272 Short Notices.
view, gives much interesting information about the names of meals, foods, table articles, etc., and discusses survivals in our buildings, all in a clear and entertaining manner. The book is an admirable introduction to these parts of the lore of the folk.
Fables and Fairy Tales for Little Folk or Uncle Remus in Hausaland.
(First Series). By Mary and Newman Tremearne.
Simpkin, Marshall & Co., 1910. Sm. 4to, pp. iv+ 135. From the Hausa animal stories appearing in Folk-Lore a dozen of the more suitable have been selected and the literal translations smoothed out for young readers. They are attractively illustrated and admirably fitted to give children at an early age the bias towards folklore which should be such a happiness to them in later life, — and should incidentally bring recruits to the Folk-Lore Society. We wish, therefore, good luck to this First Series, and hope that its popularity will lead to the issue of more selections.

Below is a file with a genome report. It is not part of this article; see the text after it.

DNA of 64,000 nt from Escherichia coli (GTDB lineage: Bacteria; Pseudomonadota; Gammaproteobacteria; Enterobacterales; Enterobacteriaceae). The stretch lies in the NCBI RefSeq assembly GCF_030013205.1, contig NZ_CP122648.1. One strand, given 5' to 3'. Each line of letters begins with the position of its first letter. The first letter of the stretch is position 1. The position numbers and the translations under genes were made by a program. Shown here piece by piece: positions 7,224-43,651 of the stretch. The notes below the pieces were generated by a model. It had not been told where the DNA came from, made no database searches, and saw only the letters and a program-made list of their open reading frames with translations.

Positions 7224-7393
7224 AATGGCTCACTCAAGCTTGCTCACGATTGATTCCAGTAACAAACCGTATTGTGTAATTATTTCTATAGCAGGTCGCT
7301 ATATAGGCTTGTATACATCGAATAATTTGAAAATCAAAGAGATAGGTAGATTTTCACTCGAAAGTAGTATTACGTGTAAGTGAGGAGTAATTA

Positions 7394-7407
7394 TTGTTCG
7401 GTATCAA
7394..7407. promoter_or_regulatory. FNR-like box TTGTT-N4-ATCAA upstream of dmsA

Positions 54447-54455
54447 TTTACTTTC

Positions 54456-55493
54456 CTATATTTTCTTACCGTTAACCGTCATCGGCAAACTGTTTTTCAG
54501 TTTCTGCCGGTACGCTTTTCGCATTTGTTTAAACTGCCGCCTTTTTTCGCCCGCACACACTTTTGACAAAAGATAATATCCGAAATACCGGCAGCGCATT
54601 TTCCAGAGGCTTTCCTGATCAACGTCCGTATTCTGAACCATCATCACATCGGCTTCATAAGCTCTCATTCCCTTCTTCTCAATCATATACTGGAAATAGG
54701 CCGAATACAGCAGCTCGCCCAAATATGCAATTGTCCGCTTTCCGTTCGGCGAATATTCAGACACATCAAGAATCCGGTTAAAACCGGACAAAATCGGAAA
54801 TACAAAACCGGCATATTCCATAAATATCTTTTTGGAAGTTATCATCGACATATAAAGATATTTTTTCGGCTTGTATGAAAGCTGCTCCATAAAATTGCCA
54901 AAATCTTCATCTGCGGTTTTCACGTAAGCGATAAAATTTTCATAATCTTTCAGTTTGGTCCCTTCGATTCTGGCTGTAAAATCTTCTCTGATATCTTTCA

Iroquois Uses of Maize and other Food Plants (New York State Museum, Museum Bulletin 144). By Arthur C. Parker. Albany: Univ. of the State of New York, 1910. 8vo, pp. 119. 111.
This thirty-cent pamphlet deserves perusal by folklorists, as it contains a quantity of matter relating to planting ceremonies, husking customs, special wedding bread, ceremonial foods for dances and "medicine" societies, and husk dolls for magic etc., as well as some folk-tales.
Books for Review should be addressed to
The Editor of Folk-Lore^
c/o David Nutt,
57-59 Long Acre, London, W.C.